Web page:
What’s in a street name?
In Whistle Bend, vessels that once plied the waterways of the north, ferrying goods and people between communities, are the street namesakes connecting Whitehorse’s newest neighbourhood.
Two of those street names — Gypsy Queen Lane and Peep Street — could soon be changed after concerns were cited over the terms gypsy and peep.
Coun. Michelle Friesen brought the concerns forward with staff just before Christmas. Staff brought the change forward at the Jan. 10 council meeting.
The bylaw would change the names to Scotia Lane and Omega Street.
Pat Ross, the city’s manager of land and building services, told council in a report that the theme of naming streets in the neighbourhood after historic boats came about when the initial planning was done for Whistle Bend.
The Gypsy Queen, he said, was a sternwheeler that operated in 1898, providing transport to the goldfields of the Klondike. In nautical terms, the gypsy refers to a notched ring connected to the chain on the anchor.
Peep was a steamship that operated in 1909 in British Columbia.
The street names were adopted as part of the Phase 6 subdivision process.
“Concern has since been raised that the term ‘gypsy’ can be considered an inappropriate and derogatory term for the Roma people,” Ross said. “Concerns have also been raised that the word ‘peep’ is often associated with terms such as ‘peepshow’ and ‘peeping Tom,’ which has sexual connotations.”
Given the concerns, Scotia Lane and Omega Street are now being put forward.
The Scotia operated from 1898 to 1918 from Atlin, B.C. through Taku Arm to another boat at Bennett Lake.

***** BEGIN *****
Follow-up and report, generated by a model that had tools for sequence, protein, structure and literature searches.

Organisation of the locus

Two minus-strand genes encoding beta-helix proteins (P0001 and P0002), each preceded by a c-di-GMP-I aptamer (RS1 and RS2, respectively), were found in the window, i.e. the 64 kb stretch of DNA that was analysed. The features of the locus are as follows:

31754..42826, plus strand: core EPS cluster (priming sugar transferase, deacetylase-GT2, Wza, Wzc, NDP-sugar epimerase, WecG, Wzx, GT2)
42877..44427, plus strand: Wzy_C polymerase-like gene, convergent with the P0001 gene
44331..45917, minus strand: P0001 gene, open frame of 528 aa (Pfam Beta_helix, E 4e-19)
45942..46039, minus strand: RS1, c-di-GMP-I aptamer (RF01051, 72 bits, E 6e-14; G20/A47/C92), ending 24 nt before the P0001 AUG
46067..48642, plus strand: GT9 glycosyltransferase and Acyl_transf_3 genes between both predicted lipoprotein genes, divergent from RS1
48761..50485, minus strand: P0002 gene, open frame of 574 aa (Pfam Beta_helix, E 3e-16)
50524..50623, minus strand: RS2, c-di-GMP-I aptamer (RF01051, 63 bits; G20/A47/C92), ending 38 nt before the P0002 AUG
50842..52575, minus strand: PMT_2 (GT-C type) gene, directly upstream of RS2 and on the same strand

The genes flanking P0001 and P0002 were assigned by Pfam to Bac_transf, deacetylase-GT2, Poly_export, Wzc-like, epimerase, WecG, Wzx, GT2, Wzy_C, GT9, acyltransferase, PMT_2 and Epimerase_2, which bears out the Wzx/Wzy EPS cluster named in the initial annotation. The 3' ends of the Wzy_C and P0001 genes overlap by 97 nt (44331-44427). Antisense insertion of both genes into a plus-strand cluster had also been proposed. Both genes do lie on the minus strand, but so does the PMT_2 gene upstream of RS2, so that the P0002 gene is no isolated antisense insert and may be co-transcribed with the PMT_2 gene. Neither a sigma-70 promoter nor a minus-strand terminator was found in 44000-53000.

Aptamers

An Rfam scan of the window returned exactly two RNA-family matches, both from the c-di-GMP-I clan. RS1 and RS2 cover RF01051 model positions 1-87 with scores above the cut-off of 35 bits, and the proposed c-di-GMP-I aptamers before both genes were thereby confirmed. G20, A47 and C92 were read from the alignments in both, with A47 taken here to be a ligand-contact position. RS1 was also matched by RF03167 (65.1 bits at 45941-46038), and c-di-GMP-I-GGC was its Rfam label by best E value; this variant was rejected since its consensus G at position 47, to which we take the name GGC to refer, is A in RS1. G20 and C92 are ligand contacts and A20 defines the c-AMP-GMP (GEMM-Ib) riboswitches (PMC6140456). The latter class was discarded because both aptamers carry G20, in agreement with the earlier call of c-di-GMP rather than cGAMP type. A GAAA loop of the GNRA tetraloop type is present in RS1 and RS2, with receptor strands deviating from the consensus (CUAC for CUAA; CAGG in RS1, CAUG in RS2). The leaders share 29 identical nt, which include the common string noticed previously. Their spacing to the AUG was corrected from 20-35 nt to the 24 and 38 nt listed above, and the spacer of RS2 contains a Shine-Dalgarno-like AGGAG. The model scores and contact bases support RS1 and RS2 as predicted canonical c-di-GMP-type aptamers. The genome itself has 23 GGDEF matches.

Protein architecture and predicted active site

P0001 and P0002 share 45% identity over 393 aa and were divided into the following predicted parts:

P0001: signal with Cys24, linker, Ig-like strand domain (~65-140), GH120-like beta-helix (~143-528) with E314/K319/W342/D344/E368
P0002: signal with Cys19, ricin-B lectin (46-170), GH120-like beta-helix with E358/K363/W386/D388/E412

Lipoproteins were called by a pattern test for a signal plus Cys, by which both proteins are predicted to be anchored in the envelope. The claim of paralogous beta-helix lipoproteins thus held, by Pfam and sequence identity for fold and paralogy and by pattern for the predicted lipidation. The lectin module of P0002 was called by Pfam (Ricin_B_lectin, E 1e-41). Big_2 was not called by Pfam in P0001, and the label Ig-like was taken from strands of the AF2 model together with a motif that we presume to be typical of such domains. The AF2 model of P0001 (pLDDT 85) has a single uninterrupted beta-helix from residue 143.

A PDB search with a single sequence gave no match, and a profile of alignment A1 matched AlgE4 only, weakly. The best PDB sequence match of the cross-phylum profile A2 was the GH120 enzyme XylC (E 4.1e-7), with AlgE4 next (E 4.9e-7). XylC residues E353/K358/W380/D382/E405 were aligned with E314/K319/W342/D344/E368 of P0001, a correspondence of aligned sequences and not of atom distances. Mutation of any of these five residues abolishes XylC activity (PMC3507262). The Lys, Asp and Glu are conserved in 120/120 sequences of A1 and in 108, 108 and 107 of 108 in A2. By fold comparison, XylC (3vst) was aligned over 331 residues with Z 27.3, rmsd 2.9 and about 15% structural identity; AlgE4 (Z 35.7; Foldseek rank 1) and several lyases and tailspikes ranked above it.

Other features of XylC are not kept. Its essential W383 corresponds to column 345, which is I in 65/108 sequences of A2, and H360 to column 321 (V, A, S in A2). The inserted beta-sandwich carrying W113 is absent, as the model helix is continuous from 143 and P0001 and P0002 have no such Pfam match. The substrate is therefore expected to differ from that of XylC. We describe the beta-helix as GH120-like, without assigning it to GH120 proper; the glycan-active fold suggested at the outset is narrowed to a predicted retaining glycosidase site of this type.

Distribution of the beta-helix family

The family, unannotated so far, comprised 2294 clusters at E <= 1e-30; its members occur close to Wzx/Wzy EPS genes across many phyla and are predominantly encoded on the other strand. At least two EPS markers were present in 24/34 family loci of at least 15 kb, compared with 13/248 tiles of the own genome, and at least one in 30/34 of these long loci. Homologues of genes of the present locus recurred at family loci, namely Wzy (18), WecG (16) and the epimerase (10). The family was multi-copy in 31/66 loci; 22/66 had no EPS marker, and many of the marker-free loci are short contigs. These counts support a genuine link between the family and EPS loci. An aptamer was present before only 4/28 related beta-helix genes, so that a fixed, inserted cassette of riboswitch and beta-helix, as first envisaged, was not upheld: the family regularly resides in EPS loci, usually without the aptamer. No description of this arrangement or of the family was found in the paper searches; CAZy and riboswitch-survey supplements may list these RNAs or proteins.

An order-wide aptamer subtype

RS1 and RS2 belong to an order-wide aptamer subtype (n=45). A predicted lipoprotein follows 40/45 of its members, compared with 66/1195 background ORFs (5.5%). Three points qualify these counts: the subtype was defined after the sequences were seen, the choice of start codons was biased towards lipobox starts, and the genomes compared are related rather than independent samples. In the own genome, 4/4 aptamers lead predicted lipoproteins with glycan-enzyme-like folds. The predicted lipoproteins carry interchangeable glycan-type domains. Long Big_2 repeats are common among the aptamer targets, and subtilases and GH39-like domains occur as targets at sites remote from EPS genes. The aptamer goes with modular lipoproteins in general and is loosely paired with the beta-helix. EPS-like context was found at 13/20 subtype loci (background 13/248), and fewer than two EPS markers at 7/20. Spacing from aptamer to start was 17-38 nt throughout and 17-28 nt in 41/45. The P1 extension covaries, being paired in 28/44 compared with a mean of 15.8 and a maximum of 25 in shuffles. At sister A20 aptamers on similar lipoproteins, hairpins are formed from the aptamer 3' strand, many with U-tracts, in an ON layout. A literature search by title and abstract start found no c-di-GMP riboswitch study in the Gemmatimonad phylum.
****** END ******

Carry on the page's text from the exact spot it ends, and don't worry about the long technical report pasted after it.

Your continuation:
The Omega operated on Bennett Lake during the construction of the White Pass railroad.
While there are eight private lots on Gypsy Queen Lane that will need a change of address, Ross noted homes there are still in the construction phase with one contractor overseeing the work.
Lots on Peep Street have not yet been available for sale.
Ross said officials have spoken with the contractor and all documents associated with the building projects there would be changed to reflect the new street names should it go ahead.
Ross also cited the importance of considering the change ahead of the next Whistle Bend land lottery when lots on both streets will be available for purchase.
The city will be responsible for changing the street signs.
During council discussion following the report, Ross confirmed that residents can bring forward suggestions for street names at any time. While it doesn’t mean the suggestion will immediately be used, it will be added to an ongoing list of potential names that could be brought forward at a later date.
Council will vote whether to move forward with the bylaw at its Jan. 17 meeting.
Contact Stephanie Waddell at email@example.com